I mentioned in last week’s post that we have two new seventh dans. One of them is my old friend John O’Sullivan whose success is richly deserved. John passed the examination at his 15th attempt, a feat that deserves praise for sheer grit and determination, but what impressed me more was that at the age of 70 he was able to completely change his approach to kendo.
John is a kendo veteran with 40 or so years of kendo behind him. He had previously practised aikido and played rugby. As you can imagine, he is immensely competitive and this will to win sometimes resulted in a defensive approach to kendo. He is also a big, strong individual and has tended to sometimes rely on his physical strength in keiko.
As most of you know, there are no honorary grades in kendo. No concessions are made for age, infirmity or services to kendo. You either demonstrate that you meet the standard against your opponents on the day or you stay where you are.
John has obviously been reflecting on past grading exams and thinking about the changes he needed to make. A few months ago he attended Ozawa sensei’s seminar and was given the advice that he needed to continue forward after striking men rather than hitting and stopping. With that in mind he has been using me for target practice as part of our weekly keiko.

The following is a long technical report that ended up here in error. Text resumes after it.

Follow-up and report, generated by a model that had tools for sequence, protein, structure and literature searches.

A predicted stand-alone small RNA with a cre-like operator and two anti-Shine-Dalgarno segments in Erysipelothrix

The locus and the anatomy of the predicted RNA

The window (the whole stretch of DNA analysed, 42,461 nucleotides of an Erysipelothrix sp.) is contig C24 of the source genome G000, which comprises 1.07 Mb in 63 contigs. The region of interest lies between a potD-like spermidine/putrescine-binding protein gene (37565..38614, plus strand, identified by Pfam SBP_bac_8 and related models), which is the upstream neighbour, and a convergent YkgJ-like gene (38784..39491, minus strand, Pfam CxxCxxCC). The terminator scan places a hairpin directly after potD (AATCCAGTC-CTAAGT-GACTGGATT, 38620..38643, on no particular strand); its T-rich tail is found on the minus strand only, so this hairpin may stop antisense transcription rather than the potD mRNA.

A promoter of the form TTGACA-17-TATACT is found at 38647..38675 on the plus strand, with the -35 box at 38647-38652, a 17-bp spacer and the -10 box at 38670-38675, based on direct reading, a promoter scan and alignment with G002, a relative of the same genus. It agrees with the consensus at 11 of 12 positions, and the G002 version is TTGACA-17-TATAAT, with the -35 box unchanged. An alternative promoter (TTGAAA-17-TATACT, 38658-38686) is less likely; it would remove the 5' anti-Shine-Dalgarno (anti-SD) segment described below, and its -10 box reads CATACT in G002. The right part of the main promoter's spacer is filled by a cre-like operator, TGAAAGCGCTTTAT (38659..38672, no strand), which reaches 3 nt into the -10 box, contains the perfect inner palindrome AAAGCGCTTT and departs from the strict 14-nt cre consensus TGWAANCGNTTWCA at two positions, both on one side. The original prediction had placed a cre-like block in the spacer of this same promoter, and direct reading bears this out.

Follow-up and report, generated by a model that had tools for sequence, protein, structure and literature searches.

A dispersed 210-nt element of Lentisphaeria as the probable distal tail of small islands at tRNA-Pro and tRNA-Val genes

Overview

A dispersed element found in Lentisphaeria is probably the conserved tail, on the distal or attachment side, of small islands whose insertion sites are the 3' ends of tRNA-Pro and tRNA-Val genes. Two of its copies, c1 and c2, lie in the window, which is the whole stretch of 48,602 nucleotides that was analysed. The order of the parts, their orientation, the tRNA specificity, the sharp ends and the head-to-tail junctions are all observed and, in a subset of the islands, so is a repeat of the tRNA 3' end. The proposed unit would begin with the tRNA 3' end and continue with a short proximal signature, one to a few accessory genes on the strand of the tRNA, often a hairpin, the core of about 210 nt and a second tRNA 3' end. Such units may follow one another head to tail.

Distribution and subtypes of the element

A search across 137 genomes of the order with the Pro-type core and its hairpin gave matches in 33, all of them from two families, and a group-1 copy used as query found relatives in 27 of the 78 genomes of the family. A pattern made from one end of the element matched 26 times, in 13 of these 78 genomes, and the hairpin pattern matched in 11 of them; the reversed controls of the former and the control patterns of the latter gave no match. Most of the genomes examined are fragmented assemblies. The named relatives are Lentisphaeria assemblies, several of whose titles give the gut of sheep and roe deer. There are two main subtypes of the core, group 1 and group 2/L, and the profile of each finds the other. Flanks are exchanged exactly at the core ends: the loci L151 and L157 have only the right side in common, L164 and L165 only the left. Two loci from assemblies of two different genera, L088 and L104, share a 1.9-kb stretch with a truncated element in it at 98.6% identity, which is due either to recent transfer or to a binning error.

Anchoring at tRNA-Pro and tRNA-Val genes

We were regularly working on men drills and although most of what we were doing was correct, something was not working properly. After a few sessions I noticed that as he stepped in to make seme, he was dropping the point of his shinai. This not only gave a clear indication that he intended to attack, but also resulted in his balance being on the front foot as he attacked, which meant that he was leaning forward after the strike. Like many things in kendo you can argue which was cause and which was effect. Lack of hikitsuke could result in the point dipping or vice versa but from John’s perspective the road to Damascus lay in the realisation that he was dropping the point.
At the examination he started pretty much the same way as he has done in previous gradings, the then pushed off to take an immaculate debana men followed by three steps forward and a turn back to engage with his partner. He then did the same again before the call of yame. With his second opponent he pretty much repeated the process.
Although a panellist for the 4th and 5th dan examination which happened at the same time, I was fortunate enough to finish in time to see both his tachiai. I also had to walk past the table where the results were collated and could see that he was not only one of the 4 successful candidates out of 22, but that he had pass marks from all six judges. Who says you can’t teach an old dog new tricks. Well done mate!